Sign up for the Newsletter to receive the latest News & Events from Aspen Valley Hospital.
Aspen Valley Hospital is available 24/7 to provide you with the expert care that you need!
Get In Touch:Send us a message
Aspen Valley Hospital
0401 Castle Creek Road
Aspen, CO 81611
The whole of the Roaring Fork Valley lies in what is considered a high altitude to very high altitude zone. The Roaring Fork Valley starts at 5,761 feet in Glenwood Springs and climbs to 7,908 feet in the city of Aspen, with the summits of Aspen Mountain, Aspen Highlands, Snowmass Mountain and Independence Pass averaging just over 12,000 feet. If you’ve planned a trip or relocation to a high altitude destination, such as the Roaring Fork Valley here in the heart of the Colorado Rockies, you should understand the effects of high altitude on the body and take necessary precautions to avoid altitude sickness. Our guide to adjusting to high altitudes provides valuable information on how to prepare for and manage the effects of high altitudes on the body.
The primary challenge people face at higher altitudes is lower oxygen levels. The farther from sea level, the thinner the air. When preparing for high altitudes, make sure you pay special attention to physical fitness and proper nutrition. Exercise can improve your body’s oxygen capacity, while proper nutrition provides your body with the necessary nutrients for energy.
In addition to lower oxygen levels, high altitudes present other physical challenges. The thinner atmosphere at high altitudes makes the sun’s rays stronger and the chance for sunburn higher. Make sure you drink enough water, as the dry air at high altitudes can lead to dehydration. Include essentials such as sunscreen, warm clothing, and a reusable water bottle to help you prepare for your time in high altitudes.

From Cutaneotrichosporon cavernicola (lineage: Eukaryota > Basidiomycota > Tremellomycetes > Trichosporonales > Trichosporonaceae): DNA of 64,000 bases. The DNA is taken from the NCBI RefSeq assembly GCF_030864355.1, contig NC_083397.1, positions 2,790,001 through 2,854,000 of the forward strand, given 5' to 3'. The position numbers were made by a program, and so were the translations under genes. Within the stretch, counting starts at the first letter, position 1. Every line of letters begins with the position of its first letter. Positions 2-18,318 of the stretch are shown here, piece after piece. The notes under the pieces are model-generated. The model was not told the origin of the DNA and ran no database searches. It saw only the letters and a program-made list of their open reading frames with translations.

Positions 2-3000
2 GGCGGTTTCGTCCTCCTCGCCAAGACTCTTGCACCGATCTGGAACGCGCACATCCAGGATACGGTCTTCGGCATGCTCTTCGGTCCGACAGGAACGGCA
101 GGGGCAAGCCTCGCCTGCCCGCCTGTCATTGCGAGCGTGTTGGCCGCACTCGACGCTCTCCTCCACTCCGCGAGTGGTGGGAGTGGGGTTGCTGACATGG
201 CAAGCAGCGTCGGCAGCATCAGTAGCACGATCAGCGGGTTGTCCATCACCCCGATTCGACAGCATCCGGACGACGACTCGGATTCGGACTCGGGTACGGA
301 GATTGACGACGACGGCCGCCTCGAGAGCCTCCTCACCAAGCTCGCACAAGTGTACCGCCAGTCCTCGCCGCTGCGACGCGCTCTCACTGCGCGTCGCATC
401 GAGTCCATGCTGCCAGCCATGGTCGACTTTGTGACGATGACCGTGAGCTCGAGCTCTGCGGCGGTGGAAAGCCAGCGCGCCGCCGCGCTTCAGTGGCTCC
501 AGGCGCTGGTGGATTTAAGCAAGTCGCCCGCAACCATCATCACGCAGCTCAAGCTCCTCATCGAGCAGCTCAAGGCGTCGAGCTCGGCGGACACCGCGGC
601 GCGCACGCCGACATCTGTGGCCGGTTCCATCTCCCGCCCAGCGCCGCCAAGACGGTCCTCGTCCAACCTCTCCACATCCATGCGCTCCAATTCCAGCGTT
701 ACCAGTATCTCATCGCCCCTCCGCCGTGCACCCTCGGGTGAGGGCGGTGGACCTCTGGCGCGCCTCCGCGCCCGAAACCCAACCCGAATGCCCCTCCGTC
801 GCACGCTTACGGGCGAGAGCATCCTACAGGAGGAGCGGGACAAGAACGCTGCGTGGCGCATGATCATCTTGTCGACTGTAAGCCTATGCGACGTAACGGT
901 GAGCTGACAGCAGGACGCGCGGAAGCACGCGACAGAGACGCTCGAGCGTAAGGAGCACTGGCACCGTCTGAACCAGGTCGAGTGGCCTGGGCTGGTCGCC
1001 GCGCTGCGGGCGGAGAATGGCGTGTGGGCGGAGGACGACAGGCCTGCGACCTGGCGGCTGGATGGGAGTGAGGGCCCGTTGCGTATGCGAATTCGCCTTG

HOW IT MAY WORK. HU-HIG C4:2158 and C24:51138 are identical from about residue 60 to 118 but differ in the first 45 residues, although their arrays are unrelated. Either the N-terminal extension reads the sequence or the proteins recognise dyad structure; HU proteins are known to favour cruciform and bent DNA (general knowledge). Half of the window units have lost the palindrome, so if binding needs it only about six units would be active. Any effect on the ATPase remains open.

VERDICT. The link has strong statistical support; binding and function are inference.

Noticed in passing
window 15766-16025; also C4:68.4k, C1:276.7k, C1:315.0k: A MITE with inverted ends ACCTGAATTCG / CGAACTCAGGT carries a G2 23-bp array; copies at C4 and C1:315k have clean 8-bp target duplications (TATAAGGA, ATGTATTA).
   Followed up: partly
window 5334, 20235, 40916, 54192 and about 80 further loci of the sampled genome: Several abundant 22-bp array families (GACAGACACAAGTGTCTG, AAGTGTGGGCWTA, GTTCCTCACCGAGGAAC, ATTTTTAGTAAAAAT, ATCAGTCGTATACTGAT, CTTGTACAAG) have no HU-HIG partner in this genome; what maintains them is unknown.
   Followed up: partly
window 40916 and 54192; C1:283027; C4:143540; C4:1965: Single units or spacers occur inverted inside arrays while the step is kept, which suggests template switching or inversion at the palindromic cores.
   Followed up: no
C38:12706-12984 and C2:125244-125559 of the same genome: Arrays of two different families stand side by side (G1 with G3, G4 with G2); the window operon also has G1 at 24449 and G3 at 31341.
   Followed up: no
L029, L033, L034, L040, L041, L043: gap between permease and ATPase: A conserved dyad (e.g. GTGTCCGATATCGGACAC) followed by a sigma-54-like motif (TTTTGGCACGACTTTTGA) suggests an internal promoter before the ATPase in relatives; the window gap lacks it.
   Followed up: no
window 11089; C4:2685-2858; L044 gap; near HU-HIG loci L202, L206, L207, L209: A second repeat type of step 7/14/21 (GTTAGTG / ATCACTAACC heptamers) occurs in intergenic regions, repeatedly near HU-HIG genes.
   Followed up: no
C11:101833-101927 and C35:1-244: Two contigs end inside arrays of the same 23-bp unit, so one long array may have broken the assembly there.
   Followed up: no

When you get to a high altitude, acclimatization is key. Acclimatization is the process of gradually adjusting to the high altitude environment. Once you arrive, take it slow. If participating in a strenuous activity, arrive as early as possible to allow your body time to adjust. Build in lots of opportunities for rest, especially in the first 24-48 hours. Drink a lot of water, and avoid alcohol as it can exacerbate symptoms of altitude sickness.
During the acclimatization period, the body undergoes physiological changes, such as an increase in red blood cell production. It also produces a higher concentration of oxygen-carrying hemoglobin in the blood, which allows for better oxygen uptake and delivery to the body’s tissues. This process can take as long as several weeks.
Those new to high altitudes often experience an adjustment period that manifests in physical symptoms, commonly referred to as “altitude sickness.”
Symptoms can range from mild to severe, and can include:
While most people will eventually adjust to high altitudes, pulmonary edema from high altitudes is possible. Pulmonary edema occurs when the small air sacs in your lungs begin to fill with fluid. If you experience any of these symptoms in conjunction with an altitude change, consider consulting a doctor:
Our providers in Aspen, Basalt, and Snowmass are ready to assist you if you’re concerned about adjusting to the altitude. See the full list of treatment locations.
Download our free Living the High-Altitude Life e-book with everything you need to know about living at high altitude.
Aspen Valley Hospital is committed to providing our community with access to health resources. In addition to medical treatment, we made a commitment to give our visitors and residents wholistic information on managing health at high altitudes. Read more of our tips, tricks, and advice for high altitude living.